What user goals does system documentation support?

Examples of how such needs arise in organizations include:

  • A user is due to complete the user acceptance testing for a feature that is being modified. As he works through a normal usage scenario, he notices that a validation that used to make a field conditionally required when another field was populated, is no longer in effect. He wonders whether this change was requested by one of the business stakeholders–if not, it should be reported as a defect. The only documentation available is the high-level user story that was supposed to serve as a “reminder for a conversation” between the developers, BA, and key stakeholders, and it doesn’t answer his question. How can he quickly confirm if the removal of the validation was introduced by design, or involuntarily as part of the change that was actually requested?
  • An executive is about to send an alert to customers to inform them about an unplanned system outage. The system being used to send this type of alert to customers has just been put into production, and it’s the first time it will be used when there are already two other notifications in the queue, waiting to be released at a future time. The executive remembers that there had been a back and forth about what should happen to notifications in the queue when a notification is created for immediate release. Will they remain undisturbed in the queue, go back to a draft status, or (the most concerning option) get released at the same time the alert is distributed? The SRS that contains the actual requirement has more than 150 pages, so she picks up the phone to call the business analyst assigned to the project, but only reaches her voicemail. How to quickly find out what will happen when the executive clicks “send”?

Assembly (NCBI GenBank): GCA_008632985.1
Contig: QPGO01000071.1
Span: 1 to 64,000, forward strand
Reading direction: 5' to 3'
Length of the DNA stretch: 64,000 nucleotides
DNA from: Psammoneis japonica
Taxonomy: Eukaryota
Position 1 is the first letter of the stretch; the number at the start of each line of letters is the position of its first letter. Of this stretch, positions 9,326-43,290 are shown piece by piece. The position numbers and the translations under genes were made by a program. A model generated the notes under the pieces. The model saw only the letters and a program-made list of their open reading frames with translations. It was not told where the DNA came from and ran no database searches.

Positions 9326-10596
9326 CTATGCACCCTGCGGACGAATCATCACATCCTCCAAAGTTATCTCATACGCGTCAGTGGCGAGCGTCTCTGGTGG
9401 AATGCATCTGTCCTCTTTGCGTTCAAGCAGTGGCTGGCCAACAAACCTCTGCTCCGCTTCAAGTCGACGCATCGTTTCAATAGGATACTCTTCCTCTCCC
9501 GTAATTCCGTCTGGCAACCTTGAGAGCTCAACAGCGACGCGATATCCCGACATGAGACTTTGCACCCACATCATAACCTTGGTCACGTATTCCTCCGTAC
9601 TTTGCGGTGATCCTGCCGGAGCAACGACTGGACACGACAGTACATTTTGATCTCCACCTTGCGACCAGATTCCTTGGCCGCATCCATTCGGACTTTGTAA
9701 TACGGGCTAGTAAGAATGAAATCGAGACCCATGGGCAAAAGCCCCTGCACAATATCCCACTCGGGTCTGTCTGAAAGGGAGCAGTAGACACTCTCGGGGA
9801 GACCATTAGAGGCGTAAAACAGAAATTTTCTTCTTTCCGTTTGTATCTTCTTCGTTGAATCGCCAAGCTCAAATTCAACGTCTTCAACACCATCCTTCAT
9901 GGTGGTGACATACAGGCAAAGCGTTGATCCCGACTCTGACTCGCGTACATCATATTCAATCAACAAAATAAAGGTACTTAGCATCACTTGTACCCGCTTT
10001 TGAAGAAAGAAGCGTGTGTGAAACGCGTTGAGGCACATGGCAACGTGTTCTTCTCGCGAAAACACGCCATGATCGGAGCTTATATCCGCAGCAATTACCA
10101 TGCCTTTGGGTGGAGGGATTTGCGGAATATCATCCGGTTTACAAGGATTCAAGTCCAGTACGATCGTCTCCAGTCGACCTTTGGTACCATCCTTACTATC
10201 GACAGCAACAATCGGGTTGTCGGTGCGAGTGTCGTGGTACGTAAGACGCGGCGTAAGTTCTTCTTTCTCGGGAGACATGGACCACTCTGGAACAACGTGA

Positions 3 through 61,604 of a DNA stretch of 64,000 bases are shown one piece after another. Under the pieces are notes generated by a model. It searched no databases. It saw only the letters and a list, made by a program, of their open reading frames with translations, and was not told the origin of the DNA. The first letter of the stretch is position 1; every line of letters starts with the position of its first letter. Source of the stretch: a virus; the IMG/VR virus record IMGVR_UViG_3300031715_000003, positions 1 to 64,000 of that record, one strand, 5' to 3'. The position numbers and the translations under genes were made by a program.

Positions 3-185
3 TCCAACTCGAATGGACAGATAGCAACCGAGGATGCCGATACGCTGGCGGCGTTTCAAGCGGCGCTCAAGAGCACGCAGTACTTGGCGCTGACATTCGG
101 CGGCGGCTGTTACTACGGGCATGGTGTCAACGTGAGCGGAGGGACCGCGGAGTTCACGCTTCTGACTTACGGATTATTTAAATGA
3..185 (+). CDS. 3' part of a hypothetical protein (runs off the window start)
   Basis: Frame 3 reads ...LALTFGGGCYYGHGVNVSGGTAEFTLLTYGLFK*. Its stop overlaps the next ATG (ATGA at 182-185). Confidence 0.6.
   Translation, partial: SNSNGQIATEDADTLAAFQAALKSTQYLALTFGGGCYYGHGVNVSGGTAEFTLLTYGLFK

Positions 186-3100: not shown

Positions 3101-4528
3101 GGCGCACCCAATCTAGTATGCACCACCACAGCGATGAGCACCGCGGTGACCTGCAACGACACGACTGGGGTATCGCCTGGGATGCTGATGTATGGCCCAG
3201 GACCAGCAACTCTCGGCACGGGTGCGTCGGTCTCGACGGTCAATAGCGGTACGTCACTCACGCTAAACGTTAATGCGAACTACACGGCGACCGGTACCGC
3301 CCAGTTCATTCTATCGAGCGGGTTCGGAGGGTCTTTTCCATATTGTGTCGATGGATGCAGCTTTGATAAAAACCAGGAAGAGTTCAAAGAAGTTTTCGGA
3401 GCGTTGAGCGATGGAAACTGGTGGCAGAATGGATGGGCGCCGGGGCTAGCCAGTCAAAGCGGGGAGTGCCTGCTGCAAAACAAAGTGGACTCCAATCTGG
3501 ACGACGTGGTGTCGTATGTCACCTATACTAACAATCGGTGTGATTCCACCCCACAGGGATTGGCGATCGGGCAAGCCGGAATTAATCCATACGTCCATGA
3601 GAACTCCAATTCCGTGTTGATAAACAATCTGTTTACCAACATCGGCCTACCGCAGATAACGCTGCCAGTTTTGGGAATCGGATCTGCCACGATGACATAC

• A developer is trying to estimate the effort for a feature in the backlog. He identifies two possible solutions, one simple, one very complex. The simple one implies a relatively small change in the way an element is displayed in the screen. Not knowing the rationale behind the way the element is currently displayed, it is impossible for him to come to a conclusion. Without consulting the BA or product owner, the project manager is unable to confirm whether it would be acceptable to make the user interface change that would allow the team to go with the simplest solution.